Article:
Prize-winning bogs: KfW project presented with award for most efficient CO2 storage
Press Release from 2017-11-15 / Group, Sustainability, KfW Development Bank
- The UN Climate Change Secretariat awards prize for the rewetting of peatlands in Russia to prevent fires and mitigate climate change
- Huge contribution to climate protection
- Risk of fire reduced for area of 100,000 hectares
Today, the UN Climate Change Secretariat awarded the project "Restoring of peatlands in Russia” to prevent fires and mitigate climate change – a project of KfW and the Federal Ministry for the Environment, Nature Conservation, Building and Nuclear Safety (BMUB) under the International Climate Initiative (IKI) – a prize in the focus area of Planetary Health. KfW is financing the project with EUR 6.5 million on behalf of the BMUB. These funds are being used to rewet and restore up to 59,000 hectares of dried bogs in various Russian provinces including Moscow, Tver, Vladimir and Nizhny Novgorod. Due to their enormous capacity for storing CO2, the bogs will save 5 to 10 tonnes of CO2 per hectare and year.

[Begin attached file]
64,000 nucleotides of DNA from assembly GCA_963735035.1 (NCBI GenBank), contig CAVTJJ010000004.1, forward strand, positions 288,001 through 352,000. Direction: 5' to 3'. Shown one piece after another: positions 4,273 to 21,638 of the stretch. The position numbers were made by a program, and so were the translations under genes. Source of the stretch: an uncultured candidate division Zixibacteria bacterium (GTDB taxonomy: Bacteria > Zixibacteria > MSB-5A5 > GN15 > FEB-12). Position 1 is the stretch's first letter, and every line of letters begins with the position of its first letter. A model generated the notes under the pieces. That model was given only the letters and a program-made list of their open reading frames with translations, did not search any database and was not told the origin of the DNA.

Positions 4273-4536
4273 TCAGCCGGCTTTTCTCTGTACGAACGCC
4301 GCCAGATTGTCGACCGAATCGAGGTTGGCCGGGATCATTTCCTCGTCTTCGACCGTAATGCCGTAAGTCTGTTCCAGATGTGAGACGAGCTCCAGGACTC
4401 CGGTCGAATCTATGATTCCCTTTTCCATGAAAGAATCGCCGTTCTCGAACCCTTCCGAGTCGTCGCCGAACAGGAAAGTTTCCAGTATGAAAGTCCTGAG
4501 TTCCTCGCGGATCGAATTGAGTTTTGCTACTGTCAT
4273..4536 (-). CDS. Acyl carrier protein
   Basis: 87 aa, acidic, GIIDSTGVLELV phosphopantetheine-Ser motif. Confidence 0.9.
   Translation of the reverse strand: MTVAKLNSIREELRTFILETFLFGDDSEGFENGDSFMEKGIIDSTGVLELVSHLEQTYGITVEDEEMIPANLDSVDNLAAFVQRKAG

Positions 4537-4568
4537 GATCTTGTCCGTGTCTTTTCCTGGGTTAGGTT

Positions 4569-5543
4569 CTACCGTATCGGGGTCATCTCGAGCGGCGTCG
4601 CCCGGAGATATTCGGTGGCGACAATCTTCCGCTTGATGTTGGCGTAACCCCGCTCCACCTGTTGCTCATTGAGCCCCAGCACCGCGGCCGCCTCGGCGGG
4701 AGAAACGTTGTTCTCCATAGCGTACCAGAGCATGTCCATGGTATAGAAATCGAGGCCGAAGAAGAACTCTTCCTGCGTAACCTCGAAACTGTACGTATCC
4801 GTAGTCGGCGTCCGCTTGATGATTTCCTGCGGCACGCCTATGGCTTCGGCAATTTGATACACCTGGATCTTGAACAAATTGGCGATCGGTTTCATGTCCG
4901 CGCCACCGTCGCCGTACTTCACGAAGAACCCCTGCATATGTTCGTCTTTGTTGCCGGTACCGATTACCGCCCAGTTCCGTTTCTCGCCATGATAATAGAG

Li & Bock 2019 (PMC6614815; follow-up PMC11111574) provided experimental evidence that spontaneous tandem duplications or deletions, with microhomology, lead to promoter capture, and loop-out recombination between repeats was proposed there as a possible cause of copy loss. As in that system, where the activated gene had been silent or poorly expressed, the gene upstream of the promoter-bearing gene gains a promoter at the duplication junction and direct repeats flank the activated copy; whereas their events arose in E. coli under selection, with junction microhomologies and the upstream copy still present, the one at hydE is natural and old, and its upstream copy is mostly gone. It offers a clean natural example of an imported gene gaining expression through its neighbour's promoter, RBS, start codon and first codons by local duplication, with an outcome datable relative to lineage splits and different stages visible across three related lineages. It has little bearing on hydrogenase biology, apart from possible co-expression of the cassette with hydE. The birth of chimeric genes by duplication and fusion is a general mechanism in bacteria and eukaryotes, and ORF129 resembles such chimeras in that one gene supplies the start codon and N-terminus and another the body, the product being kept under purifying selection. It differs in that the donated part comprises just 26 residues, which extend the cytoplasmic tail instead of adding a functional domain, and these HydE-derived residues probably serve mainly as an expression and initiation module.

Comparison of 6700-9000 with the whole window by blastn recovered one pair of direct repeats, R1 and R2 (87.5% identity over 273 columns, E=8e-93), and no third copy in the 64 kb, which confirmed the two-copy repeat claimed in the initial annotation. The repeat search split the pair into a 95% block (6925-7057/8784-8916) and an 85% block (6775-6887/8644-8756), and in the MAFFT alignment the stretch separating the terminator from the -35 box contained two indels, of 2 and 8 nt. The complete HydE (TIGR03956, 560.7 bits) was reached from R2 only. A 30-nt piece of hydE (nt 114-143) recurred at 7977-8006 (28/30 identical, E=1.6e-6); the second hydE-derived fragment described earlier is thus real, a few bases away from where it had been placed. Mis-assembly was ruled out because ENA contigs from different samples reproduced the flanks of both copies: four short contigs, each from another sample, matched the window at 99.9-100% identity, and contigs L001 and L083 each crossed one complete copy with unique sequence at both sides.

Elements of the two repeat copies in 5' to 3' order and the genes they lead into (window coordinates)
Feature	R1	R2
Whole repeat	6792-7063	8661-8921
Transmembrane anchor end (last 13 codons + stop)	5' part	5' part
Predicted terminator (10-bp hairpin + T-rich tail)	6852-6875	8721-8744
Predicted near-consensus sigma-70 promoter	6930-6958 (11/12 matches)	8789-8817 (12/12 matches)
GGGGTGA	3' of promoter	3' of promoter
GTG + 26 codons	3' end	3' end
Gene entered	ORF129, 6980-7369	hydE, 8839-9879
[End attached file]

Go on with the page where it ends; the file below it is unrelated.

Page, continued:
"Bogs capture one of the Earth's biggest climate killers – CO2. They only cover around 3% of the world's surface, but they store twice as many greenhouse gases as all of the Earth's forests combined. This is why protecting existing bogs and recultivating dried-out areas is a very efficient measure for mitigating climate change," said Prof. Dr Joachim Nagel, Member of the Executive Board of KfW Group.
Large areas of boggy land were dried out, mainly to turn the wild habitats into arable land and forests. These areas pose a high risk of fire, particularly around Moscow. The project involves rewetting this degenerated bog land using an ecologically sound process. To achieve this, the canals that were used to drain the bogs are closed so that the ground- and rainwater can remain in the bog. A monitoring system is also being established to measure the progress of the rewetting project.